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Your Build - Spring 2018

Construction Materials Online Doing more with less: Top tips for tackling a home extension With house prices Callum Tasker, operations director at Construction Materials Online, discusses the options available to homeowners wanting to extend their homes, as well as the range of material choices on offer continuing to rise, the market for home extensions is booming, with many now looking to ‘improve rather than move’. Facing the problem of limited space, the trend isn’t slowing, with statistics showing that over 23,700 extensions were completed in the year to June 2017, alongside planning for ‘householder developments’ rising by 20% in the last four years. There is a plethora of options for households wanting more space, from extending lofts or basements, to creating self-contained properties, such as an annexe or granny flat; functioning in the same way as any interior space should, fully insulated, light and warm. However, for even the most experienced self-builder, navigating through various planning rules and regulations, as well as selecting the right materials and build processes can prove a daunting task. Planning particulars It pays to be well-informed when it comes to understanding the complex rules and regulations on obtaining planning permission for home extensions. For those building a new structure or making a major change to a property, planning is likely a requirement, however, an addition or minor home extension is often considered a ‘permitted development’, with planning not a legal necessity – but only if an extension meets a set of strict rules and requirements from minimum room dimensions, to structural design. However, even if planning permission is not a requirement under permitted development rights, building regulation approval must still be obtained. The Building Regulations set out minimum requirements for structural integrity, fire safety, energy efficiency, damp proofing, ventilation, and other key aspects that ensure a building is safe. While this is a helpful starting point, the HomeOwners Alliance recommend that homeowners contact their local planning authority to check whether a project requires planning permission. Energy savings When extending a space, such as a loft or basement, it is vital that the right materials are used to ensure not only comfort, but also longterm energy-efficiency and compliance with Building Regulations. For example, choosing the right insulation for a loft is one of the most effective ways to make an extension as energy-efficient as possible, and if not, as much as 50% of a property’s energy could be wasted annually. Insulation also plays a vital role in sound-proofing between rooms or in outside structures. Up to five times thinner than traditional forms of insulation, multifoil and vacuum insulated panels are a perfect solution for smaller spaces, with the ability to perform in line with their thicker counterparts and hit Building Regulations. Getting the light right Ensuring that there is sufficient ventilation within any interior space is crucial to creating a light, breathable, and comfortable environment. The right choice of ventilation products will improve air quality and overall home efficiency. To maximise the potential of any extended space, glazing should be factored in to extension plans early. Roof windows or skylights are one of the most efficient ways to make the most of daylight as part of a pitched roof extension, and are ideally suited for those working with limited space. For example, sloping roof windows can potentially bring in twice as much daylight when compared to vertical windows of the same size. Go Green For those living in urban environments, or highly populated cities, a roof extension can not only provide more space internally, but can also create additional green space externally. The addition of a green roof as part of a wider extension can be an attractive, viable solution to overcoming lengthy planning guidelines and design regulations. Green roofs are generally flat or slightly pitched with a covering of vegetation. Modular roofing systems are one of the most popular green solutions for small areas, and consist of single pre-grown module trays. Whilst not only improving the aesthetics of a building and ensuring sufficient drainage, other benefits include the mitigation of local air pollutants, providing effective insulation, boosting thermal performance, as well as preserving and enhancing biodiversity. www.constructionmaterialsonline.co.uk Home extensions 18 Spring 2018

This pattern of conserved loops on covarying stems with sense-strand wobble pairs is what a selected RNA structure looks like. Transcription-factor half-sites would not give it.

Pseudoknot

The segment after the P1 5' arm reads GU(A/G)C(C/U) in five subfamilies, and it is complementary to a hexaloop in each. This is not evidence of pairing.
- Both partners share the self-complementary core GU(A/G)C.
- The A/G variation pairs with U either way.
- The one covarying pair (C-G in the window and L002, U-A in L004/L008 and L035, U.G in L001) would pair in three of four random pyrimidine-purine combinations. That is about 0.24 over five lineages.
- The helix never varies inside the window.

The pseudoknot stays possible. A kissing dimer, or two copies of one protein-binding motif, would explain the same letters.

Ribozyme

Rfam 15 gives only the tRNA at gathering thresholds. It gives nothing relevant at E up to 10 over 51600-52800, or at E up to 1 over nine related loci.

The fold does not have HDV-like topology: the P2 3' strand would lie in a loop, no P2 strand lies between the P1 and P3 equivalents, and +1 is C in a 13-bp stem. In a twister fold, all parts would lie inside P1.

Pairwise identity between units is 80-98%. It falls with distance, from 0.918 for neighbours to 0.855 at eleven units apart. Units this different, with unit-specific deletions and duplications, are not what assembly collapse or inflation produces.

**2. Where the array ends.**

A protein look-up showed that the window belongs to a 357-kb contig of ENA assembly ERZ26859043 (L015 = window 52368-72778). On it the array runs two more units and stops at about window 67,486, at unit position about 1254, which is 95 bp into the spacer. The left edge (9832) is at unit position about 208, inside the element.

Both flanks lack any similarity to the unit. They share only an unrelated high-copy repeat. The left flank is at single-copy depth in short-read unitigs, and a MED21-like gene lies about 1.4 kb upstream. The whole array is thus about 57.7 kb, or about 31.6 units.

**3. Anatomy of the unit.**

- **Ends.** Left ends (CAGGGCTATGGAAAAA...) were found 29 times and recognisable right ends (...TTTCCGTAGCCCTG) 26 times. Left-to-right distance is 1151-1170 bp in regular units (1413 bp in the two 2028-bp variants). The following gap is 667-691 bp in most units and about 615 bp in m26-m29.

Your Build - Spring 2018
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